But still the opposition achieved nothing. It’s quite likely that most people started concentrating on survival rather than regime change.

Strong-arm tactics and foreign backing keep Maduro in power
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President Maduro has maintained the support of his military in testing times

Mr Maduro got stronger again.

Then the attempted coup.

I’m told that it was brought forward by a day because the regime got word that something was up and were about to imprison key opposition figures, in particular Leopold Lopez, the political mentor of Mr Guaido, who was under house arrest but continued to oversee the uprising from home.

Strong-arm tactics and foreign backing keep Maduro in power
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A journalist hit by a blast bomb thrown by security forces is helped to safety by colleagues

He and Mr Guaido appeared in the early morning surrounded by heavily-armed national guards at a military base in Caracas, to make their appeal to the security services and the people.

The thing is, they weren’t actually inside the base, they were in the car park, and there were not even a couple of dozen guards.

They had been negotiating with senior government and military players for weeks, I am reliably informed, but they went too early and the support evaporated.

Strong-arm tactics and foreign backing keep Maduro in power
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Opposition Leader Leopoldo Lopez speaks to the media at the Spanish ambassador’s residence in Caracas

Mr Lopez legged it to the Spanish embassy, Mr Guaido is effectively on the run and the national guards who stood by them are apparently now camping in the Brazilian embassy compound.

Guess what, Mr Maduro has got stronger again.

When you are on the rise and your opposition has shown weakness, really the best plan is to smash them.

The president and his forces are doing that right now.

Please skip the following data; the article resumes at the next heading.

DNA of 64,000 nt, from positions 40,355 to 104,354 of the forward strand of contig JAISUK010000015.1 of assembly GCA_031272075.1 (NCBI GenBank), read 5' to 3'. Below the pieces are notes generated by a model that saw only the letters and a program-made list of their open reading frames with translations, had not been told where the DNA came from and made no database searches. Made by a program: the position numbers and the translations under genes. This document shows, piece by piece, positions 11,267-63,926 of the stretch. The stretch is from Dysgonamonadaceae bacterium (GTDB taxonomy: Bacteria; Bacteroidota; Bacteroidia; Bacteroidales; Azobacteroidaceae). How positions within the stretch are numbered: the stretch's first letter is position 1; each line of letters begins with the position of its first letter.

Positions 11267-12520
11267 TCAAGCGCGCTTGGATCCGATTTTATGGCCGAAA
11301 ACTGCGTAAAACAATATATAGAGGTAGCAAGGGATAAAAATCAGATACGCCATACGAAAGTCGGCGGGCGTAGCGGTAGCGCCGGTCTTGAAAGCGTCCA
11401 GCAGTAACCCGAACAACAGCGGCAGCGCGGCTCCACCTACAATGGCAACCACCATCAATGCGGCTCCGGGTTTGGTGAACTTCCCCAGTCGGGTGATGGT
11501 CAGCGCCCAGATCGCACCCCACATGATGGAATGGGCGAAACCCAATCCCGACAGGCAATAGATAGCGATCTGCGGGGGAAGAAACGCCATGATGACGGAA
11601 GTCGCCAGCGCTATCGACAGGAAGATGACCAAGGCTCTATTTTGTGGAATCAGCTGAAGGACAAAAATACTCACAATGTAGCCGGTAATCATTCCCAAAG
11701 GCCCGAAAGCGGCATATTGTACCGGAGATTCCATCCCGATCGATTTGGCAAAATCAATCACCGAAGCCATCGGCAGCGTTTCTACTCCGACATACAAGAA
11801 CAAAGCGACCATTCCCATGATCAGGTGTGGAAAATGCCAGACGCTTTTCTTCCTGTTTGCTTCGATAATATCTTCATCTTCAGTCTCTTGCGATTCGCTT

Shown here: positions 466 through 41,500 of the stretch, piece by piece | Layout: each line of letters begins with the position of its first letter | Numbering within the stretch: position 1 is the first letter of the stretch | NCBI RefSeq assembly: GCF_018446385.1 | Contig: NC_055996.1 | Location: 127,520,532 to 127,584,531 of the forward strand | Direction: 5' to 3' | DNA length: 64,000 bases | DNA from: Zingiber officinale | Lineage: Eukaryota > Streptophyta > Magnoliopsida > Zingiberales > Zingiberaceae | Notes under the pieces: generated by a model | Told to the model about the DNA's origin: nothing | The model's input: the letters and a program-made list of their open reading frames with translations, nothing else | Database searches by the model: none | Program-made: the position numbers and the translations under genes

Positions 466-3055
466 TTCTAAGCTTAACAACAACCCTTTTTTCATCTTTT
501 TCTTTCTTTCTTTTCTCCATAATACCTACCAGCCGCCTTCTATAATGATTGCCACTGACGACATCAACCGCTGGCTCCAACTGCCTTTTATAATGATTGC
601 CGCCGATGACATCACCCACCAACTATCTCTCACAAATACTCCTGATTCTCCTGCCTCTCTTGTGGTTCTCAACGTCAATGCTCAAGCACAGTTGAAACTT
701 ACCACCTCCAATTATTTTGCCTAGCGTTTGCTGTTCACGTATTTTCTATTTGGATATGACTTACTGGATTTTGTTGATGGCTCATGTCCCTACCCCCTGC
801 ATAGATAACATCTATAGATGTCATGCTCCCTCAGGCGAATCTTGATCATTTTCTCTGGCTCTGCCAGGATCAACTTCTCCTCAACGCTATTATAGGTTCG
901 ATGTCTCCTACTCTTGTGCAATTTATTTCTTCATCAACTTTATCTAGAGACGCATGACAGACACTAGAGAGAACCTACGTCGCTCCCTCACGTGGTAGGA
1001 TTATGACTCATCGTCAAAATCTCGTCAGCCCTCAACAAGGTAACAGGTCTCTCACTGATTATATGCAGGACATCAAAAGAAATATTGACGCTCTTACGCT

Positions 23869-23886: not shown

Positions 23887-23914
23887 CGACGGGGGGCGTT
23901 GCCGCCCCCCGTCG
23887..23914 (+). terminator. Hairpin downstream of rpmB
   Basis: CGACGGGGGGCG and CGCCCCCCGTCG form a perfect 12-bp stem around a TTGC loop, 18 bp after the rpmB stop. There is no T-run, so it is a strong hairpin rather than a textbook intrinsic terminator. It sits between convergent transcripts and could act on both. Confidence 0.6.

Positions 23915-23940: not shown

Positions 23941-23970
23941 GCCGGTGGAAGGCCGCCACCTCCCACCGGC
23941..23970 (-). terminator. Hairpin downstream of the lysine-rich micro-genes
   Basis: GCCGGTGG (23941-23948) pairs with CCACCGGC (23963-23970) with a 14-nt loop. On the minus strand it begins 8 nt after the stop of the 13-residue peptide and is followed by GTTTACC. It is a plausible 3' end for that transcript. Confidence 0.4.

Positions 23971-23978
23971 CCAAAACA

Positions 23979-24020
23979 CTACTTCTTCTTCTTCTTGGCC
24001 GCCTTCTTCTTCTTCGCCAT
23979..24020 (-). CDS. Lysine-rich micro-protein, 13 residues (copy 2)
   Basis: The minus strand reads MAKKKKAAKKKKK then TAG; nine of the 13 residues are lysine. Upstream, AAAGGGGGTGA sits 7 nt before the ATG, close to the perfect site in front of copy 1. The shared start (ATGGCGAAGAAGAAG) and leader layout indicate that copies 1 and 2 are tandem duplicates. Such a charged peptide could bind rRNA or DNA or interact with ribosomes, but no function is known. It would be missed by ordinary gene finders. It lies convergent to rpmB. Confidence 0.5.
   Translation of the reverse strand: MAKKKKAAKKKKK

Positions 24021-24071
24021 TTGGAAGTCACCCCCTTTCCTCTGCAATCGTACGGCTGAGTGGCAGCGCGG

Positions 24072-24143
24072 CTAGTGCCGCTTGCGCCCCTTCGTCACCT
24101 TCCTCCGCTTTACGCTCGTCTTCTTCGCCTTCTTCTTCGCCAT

They dispel crowds with blast bombs and tear gas, and when they really want to make the point that demonstrating is a bad thing to do, they use live rounds and kill people.

Our Venezuelan producer stayed working on the streets when we left to send our report on Wednesday.

Strong-arm tactics and foreign backing keep Maduro in power
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Betzabeth Rausseo, 27, died in hospital after being shot in the throat by security forces in Caracas at the end of a day of protest

He witnessed 27-year-old Betzabeth Rausseo being shot in the throat by the security forces at the end of a day of protest.

Her husband and some passersby propped her up on a motorbike and took her to the nearest hospital where she died.

Strong-arm tactics and foreign backing keep Maduro in power
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Betzabeth Rausseo was rushed to hospital on a motorbike after being shot

The family insist she wasn’t a protester, she was just on the street. To the regime that detail is irrelevant. Her death sends a very clear message: It could be you.

I can’t see Mr Maduro surviving this. But that does not mean he will fall from street protests. A more likely option is that he is removed by his own people to save themselves.

But the street protests will go on and more people will die and Venezuela will take a generation to recover when the nightmare finally ends.